How movement progressivism will go forward after Tuesday

The outcome of what happens on Tuesday’s Primaries will not determine the success or failure of movement progressivism, but we’d be wise to take some time to reflect on what went well and where we can go from here.

The robust progressive wave of the primary cycle has brought people out who normally sit on the sidelines in election years. Establishment media is quick to dismiss this enthusiasm as “tea party-esque,” and of course they would because thousands of people showing up to hear a septuagenarian inveigh against income inequality is not the interests of coifed potentates of public opinion.

Screen Shot 2016-08-28 at 12.53.51 PMOne area that progressives must focus on is the media. They’re beginning to more resemble Panem Propagandists in the Hunger Games than working journalists. Joy Reid meet Effie Trinket. It’s time to turn off the alphabet soup of cable news and turn on independent journos working hard to reach us via the internet.

If there were ever any question that the media turns a blind eye to The Big Story look no further than how the mistreatment of Sanders delegates was erased in coverage of the Democratic National Convention. This was the overarching narrative for people “on the ground,” but was completely shut down in “broadcast-appropriate” material.

Establishment party folks have “organized money” and they will continue to buy influence among those who put their soul on the market for sale. Progressives need to understand that our power comes from outside of the system at this point. We can’t make nice with establishment players and expect change to magically happen. It’s going to take an extended program of engagement and resistance. But hey, we’re in luck because it turns out that we’re actually good at those things.

I believe that civic engagement, as opposed to partisan political work, will emerge in a conversation about the future of movement progressivism, as with Bernie Sanders’ Our Revolution. Movement progressives are demanding change that requires more than a simple a vote. Economic restructuring will require long-term participation in democracy. It’s a radical idea, I know — participating in democracy, but that’s how gay marriage went from being perceived as marginal, to being seen as threatening, to being embraced by a majority of reasonable folks who challenged the status quo and who then changed the law.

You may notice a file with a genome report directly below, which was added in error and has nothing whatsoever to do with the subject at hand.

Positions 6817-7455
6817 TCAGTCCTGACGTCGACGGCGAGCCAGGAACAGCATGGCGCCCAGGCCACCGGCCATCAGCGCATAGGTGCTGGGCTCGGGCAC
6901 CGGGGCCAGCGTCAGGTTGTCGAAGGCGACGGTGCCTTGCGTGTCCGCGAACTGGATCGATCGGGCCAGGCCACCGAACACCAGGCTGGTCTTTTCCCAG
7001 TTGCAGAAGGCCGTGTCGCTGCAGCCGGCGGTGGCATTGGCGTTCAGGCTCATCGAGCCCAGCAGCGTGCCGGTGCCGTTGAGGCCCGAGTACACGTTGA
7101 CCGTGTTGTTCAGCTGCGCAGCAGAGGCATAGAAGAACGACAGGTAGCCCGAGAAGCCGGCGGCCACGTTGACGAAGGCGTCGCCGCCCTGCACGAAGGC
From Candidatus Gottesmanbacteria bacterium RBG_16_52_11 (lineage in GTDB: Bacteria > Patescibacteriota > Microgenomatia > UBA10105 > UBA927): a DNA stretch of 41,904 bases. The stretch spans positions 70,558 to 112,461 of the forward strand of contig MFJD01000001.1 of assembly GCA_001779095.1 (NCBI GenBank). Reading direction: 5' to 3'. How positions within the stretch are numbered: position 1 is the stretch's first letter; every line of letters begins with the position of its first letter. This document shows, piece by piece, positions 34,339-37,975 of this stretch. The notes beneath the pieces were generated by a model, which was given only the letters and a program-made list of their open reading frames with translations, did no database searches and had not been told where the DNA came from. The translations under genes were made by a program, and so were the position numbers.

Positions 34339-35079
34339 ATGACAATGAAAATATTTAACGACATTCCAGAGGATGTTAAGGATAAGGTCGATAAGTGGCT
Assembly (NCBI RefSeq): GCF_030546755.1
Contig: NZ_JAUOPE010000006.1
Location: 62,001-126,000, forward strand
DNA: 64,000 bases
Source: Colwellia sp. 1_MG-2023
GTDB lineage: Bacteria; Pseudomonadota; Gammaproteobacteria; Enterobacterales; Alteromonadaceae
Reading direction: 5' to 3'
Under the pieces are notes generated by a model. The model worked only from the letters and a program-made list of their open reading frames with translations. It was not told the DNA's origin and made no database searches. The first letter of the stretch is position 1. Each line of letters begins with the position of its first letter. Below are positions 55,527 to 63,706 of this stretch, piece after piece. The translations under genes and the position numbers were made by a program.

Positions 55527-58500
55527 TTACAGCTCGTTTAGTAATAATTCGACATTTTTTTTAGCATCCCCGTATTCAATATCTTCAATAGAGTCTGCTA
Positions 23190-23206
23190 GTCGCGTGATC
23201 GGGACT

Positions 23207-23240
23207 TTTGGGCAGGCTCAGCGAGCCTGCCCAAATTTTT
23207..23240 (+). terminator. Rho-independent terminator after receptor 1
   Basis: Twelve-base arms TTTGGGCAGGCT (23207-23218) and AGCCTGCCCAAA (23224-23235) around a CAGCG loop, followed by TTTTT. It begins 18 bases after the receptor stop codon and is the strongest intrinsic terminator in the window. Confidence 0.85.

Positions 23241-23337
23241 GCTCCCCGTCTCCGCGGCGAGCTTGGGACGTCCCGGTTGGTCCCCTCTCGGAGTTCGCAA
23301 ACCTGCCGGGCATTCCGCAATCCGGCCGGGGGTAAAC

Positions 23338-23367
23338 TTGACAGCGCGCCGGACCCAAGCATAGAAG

Sure, let’s elect good people, but remember that we actually had majorities in Congress when Obama was elected and those folks chose to keep their powder dry instead of taking on tough economic issues. We have to get over this idea that there’s special people who are going to come and save us. They don’t exist.

If some of our people lose on Tuesday, let’s not spend too much time lamenting that fact, and turn our attention to doing the work of getting things done. And for those that we win, same thing…on to the work.

7 comments

  1. Count LF Chodkiewicz Chudzikiewicz · · Reply

    Progressives are the Tea Party of the Left plus they are worse they HATE AMERICA N ITS VALUES BUT WORSHIP STALIN MAO N CASTRO

    1. Ron Baldwin · · Reply

      Hogwash !!!

    2. Fascinating. So, the Tea Party thinks historically low personal and business taxes are too high, our current net-negative illegal immigration levels are at a crisis point, and it’s just too hard to get a gun in this country.

      Nothing the Tea Party has sought or accomplished is viewed as a good thing by anyone.

      Progressives want things like less discrimination, a level playing field for labor vs. capital, fair pay and equal access to healthcare.

      Progressive victories have been hailed in each case as … wait for it … PROGRESS.

      By and large, everything Progressives have done is viewed as something we should have done earlier.

      I guess the two are parallel in a way, given that the Tea Party is wrong about everything and Progressives are right?

  2. Millie Herrera · · Reply

    I don’t know where you get the so-called “mistreatment” of Bernie delegates! I was there and I saw nothing of the sort. As a matter of fact I saw a lot of solidarity, camaraderie, and acceptance of each other.

    The misconception that the fight against income inequality is new or only championed by Bernie, could not be farther from the truth. Hillary has been fighting against it all her life. And will continue to do so when elected as the next president of the United States, with the strong support of her followers and the majority of Bernie supporters!!! Because we all want the same thing: life, liberty and the pursuit of happiness, with equality, justice, and opportunity for all.

  3. JOE KREPS · · Reply

    If Hillary wants to be more than an asterisk as the first woman President she better bust her ass pushing Progressive issues and the same goes for Senators and Congress. Bernie awoke a sleeping giant and we will be carrying pitchforks in the years to come.

    1. While I agree with you, I don’t expect this to happen. I think it’s the nature of power to protect its position, and that’s going to mean “reaching out” to Republicans rather than Progressives.

      1. JOSEPH KREPS · ·

        That’s why I’m sharpening my pitchfork.

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